Jim Hanson (Liam Neeson) is a Vietnam war veteran and widower living on the Arizona border and leading a quiet life as a rancher alongside his dog. One day his world collides with that of a cartel when he fights to protect a Mexican family on the run. He eventually comes to care for a young boy named Miguel (Jacob Perez), and Jim agrees to take Miguel to his family in Chicago. But members of the cartel are hot on their trail, and eager for vengeance and bloodshed…
There’s a trend, it seems, that since Neeson’s 2019 action-thriller ‘Cold Pursuit’ proved a disappointment at the box office (which is a shame, because it was actually rather good), the genre of “Liam Neeson action movies” are taking a backseat, opting for on demand releases rather than cinemas. After all, the recent ‘The Ice Road’ debuted on Netflix in the US and Canada, and on Amazon in the UK and Ireland. Now this latest ‘The Marksman’, has similarly made its way to Hulu and Amazon.
One could argue the trend is due to the pandemic’s impact on cinemas, and that’s certainly a factor. But there’s also the fact that “Liam Neeson action movies” don’t make the same big return that they used to. Moreover the high concept, set piece-focussed, and not particularly intellectual nature of these movies is well-suited to on demand viewing from home.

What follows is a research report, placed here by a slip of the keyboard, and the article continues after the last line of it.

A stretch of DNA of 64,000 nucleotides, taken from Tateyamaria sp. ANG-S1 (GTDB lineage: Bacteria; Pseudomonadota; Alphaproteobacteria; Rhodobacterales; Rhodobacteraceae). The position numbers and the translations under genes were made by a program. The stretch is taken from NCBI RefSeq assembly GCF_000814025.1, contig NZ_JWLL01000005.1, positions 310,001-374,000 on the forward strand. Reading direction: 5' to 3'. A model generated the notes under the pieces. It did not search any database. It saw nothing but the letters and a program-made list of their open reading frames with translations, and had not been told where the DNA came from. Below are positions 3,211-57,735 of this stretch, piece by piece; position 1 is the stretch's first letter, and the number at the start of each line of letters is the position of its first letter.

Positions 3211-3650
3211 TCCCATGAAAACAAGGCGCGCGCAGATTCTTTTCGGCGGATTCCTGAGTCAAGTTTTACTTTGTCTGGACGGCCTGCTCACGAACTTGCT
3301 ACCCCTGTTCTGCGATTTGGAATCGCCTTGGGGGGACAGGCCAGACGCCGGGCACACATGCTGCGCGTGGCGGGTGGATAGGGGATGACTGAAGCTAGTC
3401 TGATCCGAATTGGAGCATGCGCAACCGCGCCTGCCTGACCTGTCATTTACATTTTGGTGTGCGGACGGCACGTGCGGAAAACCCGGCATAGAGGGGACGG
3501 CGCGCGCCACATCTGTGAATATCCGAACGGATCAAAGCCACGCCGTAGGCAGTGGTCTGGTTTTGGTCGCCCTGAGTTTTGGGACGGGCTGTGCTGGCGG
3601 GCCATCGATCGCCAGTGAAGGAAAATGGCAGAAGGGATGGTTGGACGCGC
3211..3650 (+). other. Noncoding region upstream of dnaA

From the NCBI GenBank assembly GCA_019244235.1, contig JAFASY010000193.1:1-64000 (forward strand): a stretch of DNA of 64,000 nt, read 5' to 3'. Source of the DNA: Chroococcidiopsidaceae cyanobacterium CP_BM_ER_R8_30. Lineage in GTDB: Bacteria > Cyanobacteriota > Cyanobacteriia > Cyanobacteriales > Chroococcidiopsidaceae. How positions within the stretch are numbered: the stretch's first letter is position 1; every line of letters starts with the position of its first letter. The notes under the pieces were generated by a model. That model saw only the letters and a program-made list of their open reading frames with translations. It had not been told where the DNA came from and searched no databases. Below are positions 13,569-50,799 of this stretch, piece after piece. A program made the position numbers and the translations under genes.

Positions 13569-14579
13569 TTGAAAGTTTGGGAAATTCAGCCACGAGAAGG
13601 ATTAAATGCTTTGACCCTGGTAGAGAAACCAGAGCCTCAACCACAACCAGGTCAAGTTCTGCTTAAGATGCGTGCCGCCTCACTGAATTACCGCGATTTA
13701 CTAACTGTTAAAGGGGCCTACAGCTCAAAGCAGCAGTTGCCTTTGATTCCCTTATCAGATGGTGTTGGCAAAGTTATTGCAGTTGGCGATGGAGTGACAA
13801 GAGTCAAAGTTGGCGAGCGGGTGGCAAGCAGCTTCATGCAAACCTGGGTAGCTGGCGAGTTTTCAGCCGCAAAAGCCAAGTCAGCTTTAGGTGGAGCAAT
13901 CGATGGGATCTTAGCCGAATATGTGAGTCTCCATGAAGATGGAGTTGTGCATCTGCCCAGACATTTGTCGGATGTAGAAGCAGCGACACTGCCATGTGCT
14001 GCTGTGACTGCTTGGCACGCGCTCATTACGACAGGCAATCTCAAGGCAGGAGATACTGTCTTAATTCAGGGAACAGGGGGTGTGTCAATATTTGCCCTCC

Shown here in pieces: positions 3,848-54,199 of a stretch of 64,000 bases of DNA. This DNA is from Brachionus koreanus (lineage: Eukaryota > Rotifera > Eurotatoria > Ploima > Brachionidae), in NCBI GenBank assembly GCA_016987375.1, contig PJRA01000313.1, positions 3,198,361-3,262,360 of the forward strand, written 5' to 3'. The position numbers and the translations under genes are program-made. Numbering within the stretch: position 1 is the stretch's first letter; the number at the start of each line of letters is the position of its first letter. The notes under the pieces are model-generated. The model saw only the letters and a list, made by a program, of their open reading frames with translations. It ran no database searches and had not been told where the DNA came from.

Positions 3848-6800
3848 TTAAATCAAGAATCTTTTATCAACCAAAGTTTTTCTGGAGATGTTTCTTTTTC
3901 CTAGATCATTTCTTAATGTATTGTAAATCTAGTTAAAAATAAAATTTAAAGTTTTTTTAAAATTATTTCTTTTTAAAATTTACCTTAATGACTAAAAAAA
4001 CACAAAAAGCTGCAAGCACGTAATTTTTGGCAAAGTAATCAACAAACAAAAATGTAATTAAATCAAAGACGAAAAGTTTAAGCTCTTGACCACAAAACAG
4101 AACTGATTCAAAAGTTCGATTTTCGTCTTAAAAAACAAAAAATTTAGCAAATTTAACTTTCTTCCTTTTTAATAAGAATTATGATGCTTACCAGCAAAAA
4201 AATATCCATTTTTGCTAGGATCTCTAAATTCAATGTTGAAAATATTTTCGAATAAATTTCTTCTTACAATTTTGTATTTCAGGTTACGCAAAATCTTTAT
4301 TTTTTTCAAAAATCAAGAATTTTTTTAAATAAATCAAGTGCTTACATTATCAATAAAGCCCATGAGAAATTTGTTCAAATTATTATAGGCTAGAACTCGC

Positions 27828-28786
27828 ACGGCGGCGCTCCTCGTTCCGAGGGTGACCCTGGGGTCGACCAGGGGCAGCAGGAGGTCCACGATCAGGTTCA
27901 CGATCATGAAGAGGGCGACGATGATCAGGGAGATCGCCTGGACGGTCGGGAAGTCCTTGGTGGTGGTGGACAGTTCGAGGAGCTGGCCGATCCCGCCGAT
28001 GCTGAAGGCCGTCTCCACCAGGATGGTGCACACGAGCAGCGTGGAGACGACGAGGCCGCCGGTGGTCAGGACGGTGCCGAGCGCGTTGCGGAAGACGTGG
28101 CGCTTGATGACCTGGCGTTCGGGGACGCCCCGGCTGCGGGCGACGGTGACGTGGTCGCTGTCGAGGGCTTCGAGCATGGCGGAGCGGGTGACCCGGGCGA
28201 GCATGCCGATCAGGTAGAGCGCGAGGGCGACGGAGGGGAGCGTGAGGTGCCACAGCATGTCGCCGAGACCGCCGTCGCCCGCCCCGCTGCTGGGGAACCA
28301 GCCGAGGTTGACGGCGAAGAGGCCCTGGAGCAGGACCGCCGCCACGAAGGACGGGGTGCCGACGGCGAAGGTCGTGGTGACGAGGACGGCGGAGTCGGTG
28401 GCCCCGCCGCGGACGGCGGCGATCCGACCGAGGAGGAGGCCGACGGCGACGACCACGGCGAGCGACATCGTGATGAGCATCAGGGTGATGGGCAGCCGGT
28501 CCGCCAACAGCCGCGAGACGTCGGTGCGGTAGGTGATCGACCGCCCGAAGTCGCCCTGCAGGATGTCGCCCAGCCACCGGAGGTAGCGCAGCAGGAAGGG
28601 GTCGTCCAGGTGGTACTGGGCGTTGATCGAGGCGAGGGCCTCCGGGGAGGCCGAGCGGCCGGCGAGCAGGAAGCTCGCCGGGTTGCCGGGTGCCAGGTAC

While this reviewer admittedly had a bit of fun with ‘The Ice Road’, charmed by its melodramatic leanings and effective use of cinematography in relation to the anxiety-inducing unstable ice, one just feels there’s not a whole lot that distinguishes ‘The Marksman’. It’s far from a mark above the rest, involving a basic, clichéd and predictable screenplay, and including some cringe-inducingly pointed shots, such as when Jim drapes a US flag on his shoulder early.
Once again, Neeson plays a character in mourning (again, rather pointedly) and one must admit, he brings a great sense of presence to this as to every other leading role. Elsewhere, the standard of acting isn’t great, but newcomer Jacob Perez shines through, bringing subtlety and likeability where the movie can be quite unsubtle and lacks charm.
‘The Marksman’ is a bit like 'Logan', without the superpowers and without the same emotional kickers. One is relieved that at least they’ve figured out that it’s better to arm Neeson with a gun and have him drive around fast (which they exercised in ‘The Ice Road’ too) than have him do lots of running, jumping over fences (yes, we’re looking at you ‘Taken 3’) and hand to hand combat.
The ending, too, is hammy and makes little sense, and generally speaking, the bad guys get a lot of screen time which could have been tightened up. It’s not the worst Liam Neeson action movie out there, but it’s clear the formula is becoming well worn.